Saturday, November 21, 2009

Grad School Life

With my face constantly buried in my books in an attempt to bring back all those mathematical ideas that have floated away from the center (or left side) in the past eight years, Joo has been forced to take initiative and create her own social endeavors in Athens. In the above picture however, we did go together to an Indian celebration (Diwali) where the math grad students (and even professors) broke all stereotypes and dominated the dancefloor. I've been fortunate to enter with a fun-loving social group of new grad students, and we've formed a supportive community that has embraced Joo as well.

On the other hand, Joo has circles which I have scarcely even met, the best example being her English/citizenship training classes. Her teacher does an excellent job of making the interactions personal and interesting, and Joo took first prize the other night in some word game contest...

The Halloween decorations were already going up when Joo and I moved here in June, so we had an idea of just how important the holiday was for Athenites. Apparently the town of 30,000 swells to 100,000 for Halloween weekend and some of the events which transpire are legendary. We had to at least catch a glimpse of the wild festivities, so we strolled down the main street around 7:00 pm, at which time, the craziness was already starting to build.

Being surrounded by forests here on the outskirts of Appalachia, (and with it being our first real "autumn" in four years), Joo and I took several delightful walks amidst the changing leaves.

We also dug the first holes of our garden at this house in order to plant some cloves of organic garlic we had picked up at the weekly farmer's market. Having had such a wonderful experience with our first garden this past year at my parent's house, it was exciting to start mapping out our ideas for the upcoming spring on our new property.

We took another refreshing break from studying/translating a few weekends ago when the Ramers came out to Ohio for a college visit for Kathryn, and we met them up in Cambridge. The entire town was decorated in mannequins from Dickens' time in Victorian England. We spent most of the time catching up, sharing hilarious YouTube videos, swimming, and playing Taboo in the hotel room. It was a wonderful time and made me reminisce about the year when I lived with them before travelling to Korea.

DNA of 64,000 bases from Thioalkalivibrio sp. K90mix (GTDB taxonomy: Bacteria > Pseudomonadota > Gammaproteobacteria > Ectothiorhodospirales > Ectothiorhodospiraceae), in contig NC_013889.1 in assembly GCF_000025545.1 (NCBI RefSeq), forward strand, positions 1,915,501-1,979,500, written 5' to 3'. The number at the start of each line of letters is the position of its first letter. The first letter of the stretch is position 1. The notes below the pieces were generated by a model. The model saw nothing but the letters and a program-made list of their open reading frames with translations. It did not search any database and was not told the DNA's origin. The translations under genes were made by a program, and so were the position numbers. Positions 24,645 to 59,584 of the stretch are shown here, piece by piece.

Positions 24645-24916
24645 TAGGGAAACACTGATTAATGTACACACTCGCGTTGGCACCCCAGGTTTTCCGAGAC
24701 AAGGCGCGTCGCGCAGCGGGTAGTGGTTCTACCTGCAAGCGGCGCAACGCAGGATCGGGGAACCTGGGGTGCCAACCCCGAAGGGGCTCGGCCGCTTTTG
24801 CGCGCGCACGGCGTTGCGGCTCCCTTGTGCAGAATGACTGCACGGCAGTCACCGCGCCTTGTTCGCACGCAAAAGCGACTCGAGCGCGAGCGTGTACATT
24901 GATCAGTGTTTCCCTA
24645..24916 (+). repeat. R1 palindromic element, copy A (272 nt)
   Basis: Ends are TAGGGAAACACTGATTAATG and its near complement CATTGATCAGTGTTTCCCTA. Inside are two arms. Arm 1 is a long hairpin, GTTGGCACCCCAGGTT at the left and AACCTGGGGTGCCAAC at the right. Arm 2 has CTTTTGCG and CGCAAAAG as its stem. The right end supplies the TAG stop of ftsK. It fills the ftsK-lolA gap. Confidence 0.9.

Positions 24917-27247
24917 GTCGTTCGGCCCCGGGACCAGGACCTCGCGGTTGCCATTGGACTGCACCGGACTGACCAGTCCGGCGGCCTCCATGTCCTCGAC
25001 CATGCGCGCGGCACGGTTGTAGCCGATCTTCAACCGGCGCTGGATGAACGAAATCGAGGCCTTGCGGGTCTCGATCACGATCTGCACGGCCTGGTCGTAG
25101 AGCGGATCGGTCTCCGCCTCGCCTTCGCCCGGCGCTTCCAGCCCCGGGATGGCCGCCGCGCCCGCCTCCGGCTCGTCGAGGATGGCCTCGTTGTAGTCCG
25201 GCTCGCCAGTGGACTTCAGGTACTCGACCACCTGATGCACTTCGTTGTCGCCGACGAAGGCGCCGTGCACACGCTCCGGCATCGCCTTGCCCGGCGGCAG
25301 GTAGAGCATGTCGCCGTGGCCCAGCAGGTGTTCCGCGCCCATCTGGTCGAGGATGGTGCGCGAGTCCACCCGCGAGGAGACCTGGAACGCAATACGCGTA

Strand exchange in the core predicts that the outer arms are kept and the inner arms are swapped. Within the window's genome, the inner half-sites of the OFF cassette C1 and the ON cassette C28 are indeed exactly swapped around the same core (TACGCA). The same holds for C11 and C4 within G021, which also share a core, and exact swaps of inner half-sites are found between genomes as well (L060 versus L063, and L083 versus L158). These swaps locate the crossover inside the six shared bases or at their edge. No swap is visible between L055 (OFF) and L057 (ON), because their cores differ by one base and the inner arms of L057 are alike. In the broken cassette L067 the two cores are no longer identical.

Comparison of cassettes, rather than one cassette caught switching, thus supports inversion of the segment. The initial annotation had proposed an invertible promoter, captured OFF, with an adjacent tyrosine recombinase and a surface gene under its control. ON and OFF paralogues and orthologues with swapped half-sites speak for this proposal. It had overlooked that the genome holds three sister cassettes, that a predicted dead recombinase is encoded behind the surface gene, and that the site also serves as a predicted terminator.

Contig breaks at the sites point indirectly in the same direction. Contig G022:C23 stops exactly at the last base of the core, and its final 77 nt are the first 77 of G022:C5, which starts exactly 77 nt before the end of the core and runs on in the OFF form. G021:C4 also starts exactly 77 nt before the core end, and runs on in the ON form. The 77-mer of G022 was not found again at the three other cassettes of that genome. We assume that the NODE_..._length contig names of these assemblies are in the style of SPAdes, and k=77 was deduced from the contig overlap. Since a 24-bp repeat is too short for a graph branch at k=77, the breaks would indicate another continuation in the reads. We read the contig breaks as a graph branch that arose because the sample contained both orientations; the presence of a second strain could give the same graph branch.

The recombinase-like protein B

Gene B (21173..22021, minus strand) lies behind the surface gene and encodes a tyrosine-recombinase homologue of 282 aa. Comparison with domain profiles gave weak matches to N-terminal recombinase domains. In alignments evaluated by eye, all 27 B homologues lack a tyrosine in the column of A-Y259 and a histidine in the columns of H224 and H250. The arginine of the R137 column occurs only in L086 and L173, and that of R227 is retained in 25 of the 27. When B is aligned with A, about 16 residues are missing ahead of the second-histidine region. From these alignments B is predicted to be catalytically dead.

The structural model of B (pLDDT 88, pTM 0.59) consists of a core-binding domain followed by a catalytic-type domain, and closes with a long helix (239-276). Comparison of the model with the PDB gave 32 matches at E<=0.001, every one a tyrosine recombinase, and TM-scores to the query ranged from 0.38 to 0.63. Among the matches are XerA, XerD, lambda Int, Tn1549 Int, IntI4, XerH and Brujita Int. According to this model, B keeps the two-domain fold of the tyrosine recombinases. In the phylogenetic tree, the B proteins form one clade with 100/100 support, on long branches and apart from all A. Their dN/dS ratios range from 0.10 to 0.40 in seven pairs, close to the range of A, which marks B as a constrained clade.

One night, walking home, we were followed by a kitten who kept running out in front of us and then laying down in our path and inviting us to play. We eventually got home and went inside for dinner. About an hour later, I heard a knock at our door (yes, it was actually a knock) and opened it up to find the cat waiting on us...

I called his owner and discovered that his name was Philip and that he must be lonely because his owners had taken a trip to Columbus. Joo took the opportunity to play with him and said that it somehow made her feel ready for us to have children. Hmmm....

But the vast majority of my time has continued to be focused on my studies (and studying-related activites as shown below)...

I've taken all but one of my finals now, so after the last one on Tuesday, we'll have a movie night celebration with some of the math grad students and then head to my parents for Thanksgiving. It's been a mentally and emotionally exhausting quarter, but it's also been highly rewarding and I anticipate this next quarter (and hopefully all the following ones) as one in which I can dedicate myself to the learning process more than feeling burdened or anxious about grades. One thing I will say about some of my experiences from this past quarter is that I reflected a lot on my own teaching philosophy and the role that evaluation plays. In other words, if the ultimate purpose of education is to increase the awareness of a student about a subject (or perhaps even better their overall quality of life), how can grading be used beyond mere assessment to encourage students to learn more/find enjoyment in a subject?

1 comment:

  1. I think I'd take the latter as the purpose of teaching. For me, it seems that when I think of teaching I am truly thinking of trying enrich the lives of students in a number of ways. One of these is by increasing their awareness of the subject, but the more driving reason is to attempt to get them to examine life itself. I know my life has become more satisfying the more I come to know myself, and I suppose this is what I want to bring to others--the joy of an introspective life. How Socratic.